MENA Brief newsletter 8-15 March 2019

The latest MENA Brief analyses tensions in the Palestinian Territories, state of emergency in Libya and Morocco, and the protests in Algeria. 

Middle East
  • Bahrain - Protests expected to mark anniversary of Arab Spring protests
  • Iran - Pipeline explosion kills four people today in south-west
  • Israel - Complete shutdown in resort city over air link dispute
  • Palestinian Territories - One protester killed, 40 injured near Israeli settlement
  • Turkey - Three German journalists expelled from country
North Africa
  • Algeria - Nationwide protests set to occur to keep pressure on president
  • Libya - State of emergency, as self-proclaimed military leader approaches
  • Morocco - Teachers holding national strike, with further action planned
  • Tunisia  - State of emergency extended by another month

 
Middle East 
Bahrain - Demonstrations expected to mark anniversary of Arab Spring protests
Bahrain - Security risk: Elevated Protests are expected to occur across the country on 15 March to mark the eighth anniversary of the Saudi Arabia-led Gulf Cooperation Council's (GCC) Peninsula Shield Force entering the country. This was to help the Bahraini monarchy quell protests during the Arab spring. Hundreds of protesters died following the intervention of GCC forces. The February 14 Youth Coalition, a Bahraini youth group led by anonymous individuals who organise protests across the country, has called for civil unrest today, and for Bahrainis to hold strikes tomorrow.
Why it matters:There will be a heightened army and police presence, as tensions increase between protesters and security personnel. Clashes and arrests are likely to occur. Security forces have used excessive force against protesters in the past, including the use of tear gas. Businesses are expected to shut in the event of protests. A2 Global advises against any travel towards central districts where protesters are likely to gather, such as the Pearl Roundabout in the capital Manama. Business travellers should monitor the situation closely and follow instructions from local authorities.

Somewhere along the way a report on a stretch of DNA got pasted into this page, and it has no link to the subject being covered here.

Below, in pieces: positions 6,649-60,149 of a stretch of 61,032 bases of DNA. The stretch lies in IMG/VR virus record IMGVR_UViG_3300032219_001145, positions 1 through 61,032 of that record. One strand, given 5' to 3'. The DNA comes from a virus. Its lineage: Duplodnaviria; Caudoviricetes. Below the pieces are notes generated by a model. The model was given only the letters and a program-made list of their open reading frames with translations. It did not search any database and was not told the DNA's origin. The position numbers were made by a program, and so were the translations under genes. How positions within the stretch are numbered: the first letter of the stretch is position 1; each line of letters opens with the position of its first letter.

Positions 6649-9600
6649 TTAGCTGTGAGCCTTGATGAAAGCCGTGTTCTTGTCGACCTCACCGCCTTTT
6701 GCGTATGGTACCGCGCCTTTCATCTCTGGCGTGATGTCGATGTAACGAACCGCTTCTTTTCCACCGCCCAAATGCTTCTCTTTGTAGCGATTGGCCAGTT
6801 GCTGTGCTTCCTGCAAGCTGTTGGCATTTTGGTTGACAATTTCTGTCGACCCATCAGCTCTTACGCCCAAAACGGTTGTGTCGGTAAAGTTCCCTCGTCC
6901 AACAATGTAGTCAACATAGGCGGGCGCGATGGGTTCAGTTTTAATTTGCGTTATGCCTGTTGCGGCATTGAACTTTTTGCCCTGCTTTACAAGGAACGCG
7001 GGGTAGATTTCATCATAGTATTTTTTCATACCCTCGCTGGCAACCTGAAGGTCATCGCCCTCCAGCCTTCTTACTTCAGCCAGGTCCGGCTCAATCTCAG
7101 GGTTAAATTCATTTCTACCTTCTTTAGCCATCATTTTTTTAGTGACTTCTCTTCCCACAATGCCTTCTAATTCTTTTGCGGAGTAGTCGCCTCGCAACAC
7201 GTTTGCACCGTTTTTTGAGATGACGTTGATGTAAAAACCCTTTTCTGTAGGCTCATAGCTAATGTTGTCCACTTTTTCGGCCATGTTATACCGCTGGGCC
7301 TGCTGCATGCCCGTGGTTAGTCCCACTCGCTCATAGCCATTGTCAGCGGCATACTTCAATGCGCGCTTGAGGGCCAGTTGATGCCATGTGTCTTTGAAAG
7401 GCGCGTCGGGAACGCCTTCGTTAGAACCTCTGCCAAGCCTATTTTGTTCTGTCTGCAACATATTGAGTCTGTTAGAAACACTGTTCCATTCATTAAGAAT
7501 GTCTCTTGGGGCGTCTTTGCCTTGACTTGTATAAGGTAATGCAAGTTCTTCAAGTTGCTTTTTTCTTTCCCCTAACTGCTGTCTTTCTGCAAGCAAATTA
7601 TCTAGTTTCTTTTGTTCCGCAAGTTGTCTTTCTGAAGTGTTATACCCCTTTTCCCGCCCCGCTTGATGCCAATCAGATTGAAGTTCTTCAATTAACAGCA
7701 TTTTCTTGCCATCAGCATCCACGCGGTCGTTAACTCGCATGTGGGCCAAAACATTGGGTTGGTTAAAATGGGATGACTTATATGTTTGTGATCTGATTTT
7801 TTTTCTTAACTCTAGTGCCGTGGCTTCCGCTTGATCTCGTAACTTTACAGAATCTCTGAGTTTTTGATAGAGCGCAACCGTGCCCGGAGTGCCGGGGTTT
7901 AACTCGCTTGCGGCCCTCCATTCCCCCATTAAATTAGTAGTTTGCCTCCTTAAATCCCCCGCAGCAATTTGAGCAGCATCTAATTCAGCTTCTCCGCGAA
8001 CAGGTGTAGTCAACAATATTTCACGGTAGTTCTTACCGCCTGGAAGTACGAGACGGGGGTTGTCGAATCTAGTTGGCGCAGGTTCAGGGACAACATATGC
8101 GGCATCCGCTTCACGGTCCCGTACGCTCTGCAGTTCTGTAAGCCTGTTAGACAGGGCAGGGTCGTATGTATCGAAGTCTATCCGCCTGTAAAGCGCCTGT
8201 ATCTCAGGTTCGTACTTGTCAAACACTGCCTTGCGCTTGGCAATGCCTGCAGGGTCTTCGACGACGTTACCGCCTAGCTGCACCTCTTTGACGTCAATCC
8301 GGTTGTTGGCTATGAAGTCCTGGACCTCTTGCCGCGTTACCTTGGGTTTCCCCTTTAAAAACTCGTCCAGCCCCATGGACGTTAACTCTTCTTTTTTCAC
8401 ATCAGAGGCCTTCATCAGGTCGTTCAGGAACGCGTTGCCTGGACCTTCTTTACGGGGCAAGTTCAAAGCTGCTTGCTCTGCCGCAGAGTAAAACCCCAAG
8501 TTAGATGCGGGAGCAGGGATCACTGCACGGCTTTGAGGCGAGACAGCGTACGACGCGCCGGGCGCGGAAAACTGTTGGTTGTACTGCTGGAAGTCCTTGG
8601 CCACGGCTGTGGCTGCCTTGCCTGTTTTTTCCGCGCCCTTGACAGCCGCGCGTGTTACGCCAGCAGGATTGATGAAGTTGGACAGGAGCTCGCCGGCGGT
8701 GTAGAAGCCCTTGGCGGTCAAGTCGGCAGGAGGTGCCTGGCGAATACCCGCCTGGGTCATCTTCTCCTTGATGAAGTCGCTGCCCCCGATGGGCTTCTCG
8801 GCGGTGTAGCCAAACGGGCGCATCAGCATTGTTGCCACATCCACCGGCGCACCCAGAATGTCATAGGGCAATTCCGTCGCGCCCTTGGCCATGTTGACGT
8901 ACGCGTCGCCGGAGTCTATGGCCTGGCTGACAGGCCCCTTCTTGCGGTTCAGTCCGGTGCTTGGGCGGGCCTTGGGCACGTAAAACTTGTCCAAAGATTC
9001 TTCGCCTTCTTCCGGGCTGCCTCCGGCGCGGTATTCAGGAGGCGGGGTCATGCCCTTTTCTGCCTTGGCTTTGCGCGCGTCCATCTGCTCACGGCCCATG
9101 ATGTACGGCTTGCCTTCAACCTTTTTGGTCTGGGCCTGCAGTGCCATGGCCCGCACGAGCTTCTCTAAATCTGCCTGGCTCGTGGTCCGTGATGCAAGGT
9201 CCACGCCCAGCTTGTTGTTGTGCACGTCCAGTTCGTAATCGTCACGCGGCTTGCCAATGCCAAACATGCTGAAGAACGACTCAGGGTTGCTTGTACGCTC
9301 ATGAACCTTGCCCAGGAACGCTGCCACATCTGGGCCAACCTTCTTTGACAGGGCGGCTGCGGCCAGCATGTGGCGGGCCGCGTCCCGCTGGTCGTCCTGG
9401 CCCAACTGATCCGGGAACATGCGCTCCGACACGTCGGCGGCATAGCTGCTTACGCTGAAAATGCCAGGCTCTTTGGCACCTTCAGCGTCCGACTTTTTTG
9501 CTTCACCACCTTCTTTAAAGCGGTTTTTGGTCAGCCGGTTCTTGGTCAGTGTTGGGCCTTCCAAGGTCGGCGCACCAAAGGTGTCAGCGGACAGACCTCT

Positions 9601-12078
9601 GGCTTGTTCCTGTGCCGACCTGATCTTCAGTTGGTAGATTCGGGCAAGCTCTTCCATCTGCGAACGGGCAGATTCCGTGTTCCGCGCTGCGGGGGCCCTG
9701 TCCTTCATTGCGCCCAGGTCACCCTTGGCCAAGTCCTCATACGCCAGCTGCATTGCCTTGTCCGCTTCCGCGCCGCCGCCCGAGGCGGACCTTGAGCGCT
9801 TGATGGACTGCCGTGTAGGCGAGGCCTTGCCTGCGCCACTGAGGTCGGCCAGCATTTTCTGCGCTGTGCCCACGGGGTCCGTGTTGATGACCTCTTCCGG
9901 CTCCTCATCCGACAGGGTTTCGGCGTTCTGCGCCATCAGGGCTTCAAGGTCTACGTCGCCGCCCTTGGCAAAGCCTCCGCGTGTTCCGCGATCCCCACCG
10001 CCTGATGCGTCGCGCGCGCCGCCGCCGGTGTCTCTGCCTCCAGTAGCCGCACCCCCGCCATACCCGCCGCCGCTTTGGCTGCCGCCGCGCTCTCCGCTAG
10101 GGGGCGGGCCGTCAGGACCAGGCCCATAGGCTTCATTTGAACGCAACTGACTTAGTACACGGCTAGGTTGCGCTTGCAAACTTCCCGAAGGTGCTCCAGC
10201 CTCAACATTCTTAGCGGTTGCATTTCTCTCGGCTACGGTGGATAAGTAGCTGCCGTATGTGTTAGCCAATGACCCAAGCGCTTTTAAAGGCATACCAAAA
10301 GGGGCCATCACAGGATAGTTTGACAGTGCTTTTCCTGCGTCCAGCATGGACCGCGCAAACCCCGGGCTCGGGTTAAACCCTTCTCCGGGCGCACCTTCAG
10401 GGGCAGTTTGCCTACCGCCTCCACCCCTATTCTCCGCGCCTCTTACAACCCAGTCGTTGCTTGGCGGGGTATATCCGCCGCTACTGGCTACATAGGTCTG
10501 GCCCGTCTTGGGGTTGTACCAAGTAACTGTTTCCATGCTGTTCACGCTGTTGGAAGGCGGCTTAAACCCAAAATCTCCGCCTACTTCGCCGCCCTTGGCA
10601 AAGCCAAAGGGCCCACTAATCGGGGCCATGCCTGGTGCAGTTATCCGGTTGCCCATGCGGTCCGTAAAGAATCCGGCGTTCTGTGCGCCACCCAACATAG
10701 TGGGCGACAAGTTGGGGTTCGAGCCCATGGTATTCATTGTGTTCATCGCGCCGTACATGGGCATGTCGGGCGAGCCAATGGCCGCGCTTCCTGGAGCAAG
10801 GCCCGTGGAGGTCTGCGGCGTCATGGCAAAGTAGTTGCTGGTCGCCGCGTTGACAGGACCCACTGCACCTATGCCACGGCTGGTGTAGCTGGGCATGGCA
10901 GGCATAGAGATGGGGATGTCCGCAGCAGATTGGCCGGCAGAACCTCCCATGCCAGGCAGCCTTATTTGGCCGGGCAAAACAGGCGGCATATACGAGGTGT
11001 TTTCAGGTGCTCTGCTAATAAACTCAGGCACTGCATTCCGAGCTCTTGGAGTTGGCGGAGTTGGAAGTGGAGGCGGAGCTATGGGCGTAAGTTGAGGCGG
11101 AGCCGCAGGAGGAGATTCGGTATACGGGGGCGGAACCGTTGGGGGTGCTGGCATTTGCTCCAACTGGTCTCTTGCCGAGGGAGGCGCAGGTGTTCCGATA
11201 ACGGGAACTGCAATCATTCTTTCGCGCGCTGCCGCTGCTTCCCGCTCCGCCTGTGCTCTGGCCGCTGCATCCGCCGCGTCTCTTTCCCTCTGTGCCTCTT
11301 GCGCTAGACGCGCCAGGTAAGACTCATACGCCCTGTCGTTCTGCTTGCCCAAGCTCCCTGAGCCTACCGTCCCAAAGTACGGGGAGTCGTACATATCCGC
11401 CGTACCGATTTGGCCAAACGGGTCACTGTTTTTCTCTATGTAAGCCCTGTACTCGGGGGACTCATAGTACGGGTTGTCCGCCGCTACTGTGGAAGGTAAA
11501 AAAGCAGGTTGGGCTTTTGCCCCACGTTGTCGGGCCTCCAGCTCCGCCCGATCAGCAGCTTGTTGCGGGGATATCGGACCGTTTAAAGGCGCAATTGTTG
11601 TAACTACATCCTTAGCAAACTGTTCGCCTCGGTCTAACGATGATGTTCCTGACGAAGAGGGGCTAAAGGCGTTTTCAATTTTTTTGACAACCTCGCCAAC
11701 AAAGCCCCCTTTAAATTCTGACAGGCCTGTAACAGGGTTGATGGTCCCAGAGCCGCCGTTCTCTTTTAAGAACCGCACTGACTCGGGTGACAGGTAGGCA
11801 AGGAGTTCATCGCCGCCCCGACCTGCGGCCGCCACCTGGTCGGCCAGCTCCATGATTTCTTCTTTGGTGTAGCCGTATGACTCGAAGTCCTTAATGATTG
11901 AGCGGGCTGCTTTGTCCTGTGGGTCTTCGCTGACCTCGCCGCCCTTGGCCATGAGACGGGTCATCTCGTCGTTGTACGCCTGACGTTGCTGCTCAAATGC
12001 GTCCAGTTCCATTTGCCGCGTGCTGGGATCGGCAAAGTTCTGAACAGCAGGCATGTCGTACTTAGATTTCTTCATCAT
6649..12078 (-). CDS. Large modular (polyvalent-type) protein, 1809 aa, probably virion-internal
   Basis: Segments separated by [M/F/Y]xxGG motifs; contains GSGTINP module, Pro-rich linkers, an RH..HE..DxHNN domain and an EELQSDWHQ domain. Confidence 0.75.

Iran - Pipeline explosion kills four people today in south-west
Iran - Security risk: Elevated Four people were killed and six were injured on 14 March, after a gas pipeline explosion occurred between the cities of Ahvaz and Mahshahr in southwestern Iran. The cause of the explosion has not yet been confirmed, however the governor of Ahvaz state has ruled out the possibility of it being a terrorist attack.
Why it matters:The explosion occurred along the Freeway 5 highway linking the two cities, several cars and water trucks caught fire during the explosion. Such incidents are not uncommon in the country due to the aging infrastructure as well as inadequate enforcement of safety measures. A2 Global advises residents of Ahvaz to follow local updates from authorities, including evacuation orders as well as expected travel disruptions along Freeway 5.

Israel -  Complete shutdown in resort city over air link dispute